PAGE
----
- Does NOT include support after initial release (which can be huge, but I just don't have data on it)

In other words, you have to account for the whole cost of developing, not just the part where you actually write the code.

SIZE (in source lines of code SLOC) includes:
  - All the non-comment lines of code written or substatially rewritten for the project

This metric is far from perfect. For example, tracking developers split among multiple projects gets tricky. So does accounting for reuse of big chunks of code. But if you get a manager to give a reasonable estimate following the above guidelines, the answer always seems to come in at the $15-$40 range for industrial and transportation embedded software.

Sure, you can spend as much or as little on software as you like. But it is hard to find an organization who can field embedded software and have a viable product at less than $15/line. And it is usually just regulated, safety critical applications in which it is worthwhile to spend more than about $40/line. When all is said and done, the results I've seen make sense, and are generally in line with what few other data points I've heard on this topic.

UPDATE, October 2015.   It's probably more like $25-$50 per line of code now.  Costs for projects outsourced to Asia have done up dramatically as wages and competition for scarce coders have increased.

Monday, September 13, 2010

Testing a Watchdog Timer

I recently got a query about how to test a watchdog timer. This is a special case of the more general question of how you test for a fault that is never supposed to happen. This is a tricky topic in general, but the simple answer (if you can figure out how to do it easily) is to insert the fault intentionally into your system and see what happens.

Here are some ideas that I've seen or thought up that you may find helpful:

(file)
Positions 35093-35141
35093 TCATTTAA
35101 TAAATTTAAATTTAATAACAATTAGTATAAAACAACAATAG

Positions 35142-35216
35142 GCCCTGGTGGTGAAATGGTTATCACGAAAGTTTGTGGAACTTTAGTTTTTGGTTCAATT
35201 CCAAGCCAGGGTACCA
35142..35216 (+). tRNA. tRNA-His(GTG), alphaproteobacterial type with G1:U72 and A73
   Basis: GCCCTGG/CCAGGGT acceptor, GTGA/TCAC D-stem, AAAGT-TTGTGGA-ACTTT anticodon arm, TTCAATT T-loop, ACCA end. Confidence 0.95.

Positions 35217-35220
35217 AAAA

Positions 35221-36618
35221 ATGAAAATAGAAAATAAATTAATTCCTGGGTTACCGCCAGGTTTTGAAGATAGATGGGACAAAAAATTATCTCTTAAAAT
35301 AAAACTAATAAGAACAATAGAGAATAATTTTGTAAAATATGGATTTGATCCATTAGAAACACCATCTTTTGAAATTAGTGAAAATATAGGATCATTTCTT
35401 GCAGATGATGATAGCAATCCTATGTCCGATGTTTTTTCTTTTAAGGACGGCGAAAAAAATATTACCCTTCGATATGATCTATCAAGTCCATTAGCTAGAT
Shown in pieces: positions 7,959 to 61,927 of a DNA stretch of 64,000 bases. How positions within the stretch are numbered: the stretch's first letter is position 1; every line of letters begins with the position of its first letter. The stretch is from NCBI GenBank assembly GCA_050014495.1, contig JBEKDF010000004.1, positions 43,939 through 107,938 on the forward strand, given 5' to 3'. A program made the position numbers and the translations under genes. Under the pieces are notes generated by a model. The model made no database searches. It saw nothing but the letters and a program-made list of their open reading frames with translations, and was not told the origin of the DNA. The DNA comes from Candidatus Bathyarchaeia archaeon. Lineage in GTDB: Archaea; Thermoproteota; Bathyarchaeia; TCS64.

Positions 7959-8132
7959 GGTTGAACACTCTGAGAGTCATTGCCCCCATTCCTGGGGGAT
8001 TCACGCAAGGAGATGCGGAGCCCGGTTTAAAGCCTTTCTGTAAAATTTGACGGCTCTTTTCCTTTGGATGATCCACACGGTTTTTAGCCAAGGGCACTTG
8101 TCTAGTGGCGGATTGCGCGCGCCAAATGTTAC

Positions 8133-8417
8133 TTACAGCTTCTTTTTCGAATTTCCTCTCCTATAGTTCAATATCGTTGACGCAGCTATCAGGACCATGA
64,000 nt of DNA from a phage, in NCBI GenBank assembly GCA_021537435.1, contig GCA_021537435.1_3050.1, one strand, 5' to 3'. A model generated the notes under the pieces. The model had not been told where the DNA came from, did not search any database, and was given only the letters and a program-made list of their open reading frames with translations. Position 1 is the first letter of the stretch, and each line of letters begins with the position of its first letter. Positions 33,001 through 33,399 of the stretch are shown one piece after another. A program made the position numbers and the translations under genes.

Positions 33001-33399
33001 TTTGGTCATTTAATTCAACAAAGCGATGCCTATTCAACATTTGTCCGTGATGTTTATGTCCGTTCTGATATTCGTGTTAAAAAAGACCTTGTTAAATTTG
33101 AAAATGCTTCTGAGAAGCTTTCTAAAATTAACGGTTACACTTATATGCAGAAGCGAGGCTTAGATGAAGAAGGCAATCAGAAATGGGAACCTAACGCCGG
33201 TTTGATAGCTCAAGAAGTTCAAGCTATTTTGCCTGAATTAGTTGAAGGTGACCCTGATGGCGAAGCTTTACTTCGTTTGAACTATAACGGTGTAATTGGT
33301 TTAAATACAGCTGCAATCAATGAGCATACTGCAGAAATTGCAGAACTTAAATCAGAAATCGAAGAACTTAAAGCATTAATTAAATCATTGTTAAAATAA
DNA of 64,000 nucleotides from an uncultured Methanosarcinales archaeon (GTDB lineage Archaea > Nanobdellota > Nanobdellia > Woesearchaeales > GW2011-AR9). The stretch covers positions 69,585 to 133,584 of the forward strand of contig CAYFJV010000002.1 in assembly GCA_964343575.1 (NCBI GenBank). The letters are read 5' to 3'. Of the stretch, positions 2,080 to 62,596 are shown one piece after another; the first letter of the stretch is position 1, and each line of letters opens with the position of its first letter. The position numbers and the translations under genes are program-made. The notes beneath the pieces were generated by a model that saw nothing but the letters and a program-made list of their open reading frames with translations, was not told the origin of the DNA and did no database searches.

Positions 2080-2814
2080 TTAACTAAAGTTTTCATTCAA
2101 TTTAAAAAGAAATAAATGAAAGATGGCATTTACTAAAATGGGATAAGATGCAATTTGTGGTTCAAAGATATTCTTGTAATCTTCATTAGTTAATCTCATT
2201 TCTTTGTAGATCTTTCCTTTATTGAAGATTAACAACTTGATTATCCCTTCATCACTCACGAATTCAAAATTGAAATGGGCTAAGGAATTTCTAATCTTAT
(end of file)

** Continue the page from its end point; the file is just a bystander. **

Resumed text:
(1) Set the watchdog timer period to shorter and shorter periods until it trips in normal operation. This will give you an idea how close to the edge you are. But, it is easy to make a mistake changing the watchdog period back to the normal value. So it isn't a good test for nearly-final code.

(2) Add a timeout loop (for example, a do-nothing loop that you have made sure won't be removed by your optimizer). Increase the timeout value until the watchdog timer trips. This similarly gives you an idea how close to the edge you are in terms of timing, but with a nicer level of detail. It also has the advantage of testing operation without modifying the watchdog code itself.

(3) Use a jumper that, when inserted, activates a time-wasting task (similar to idea #2). The idea is when a jumper is installed it enables the running of a task that wastes so much time it is guaranteed to trip the watchdog. When the jumper is removed, that task doesn't run and the system operates properly.  You can insert the jumper during system test to make sure the watchdog function works properly.  (So just jumping to the watchdog handling code isn't the idea -- you have to simulate a situation of CPU overload for this to be a realistic test.)  When you ship the system, you make sure the jumper has been removed. Just to avoid problems, put the watchdog test first on the outgoing test plan instead of last. That way the jumper is sure to be removed before shipment. If you want to be really clever, that same jumper hardware could be used to disable the watchdog in early testing, and code could be changed to have it trip the watchdog as the system nears completion.  But whether you want to be that tricky is a matter of taste and the type of system you are building.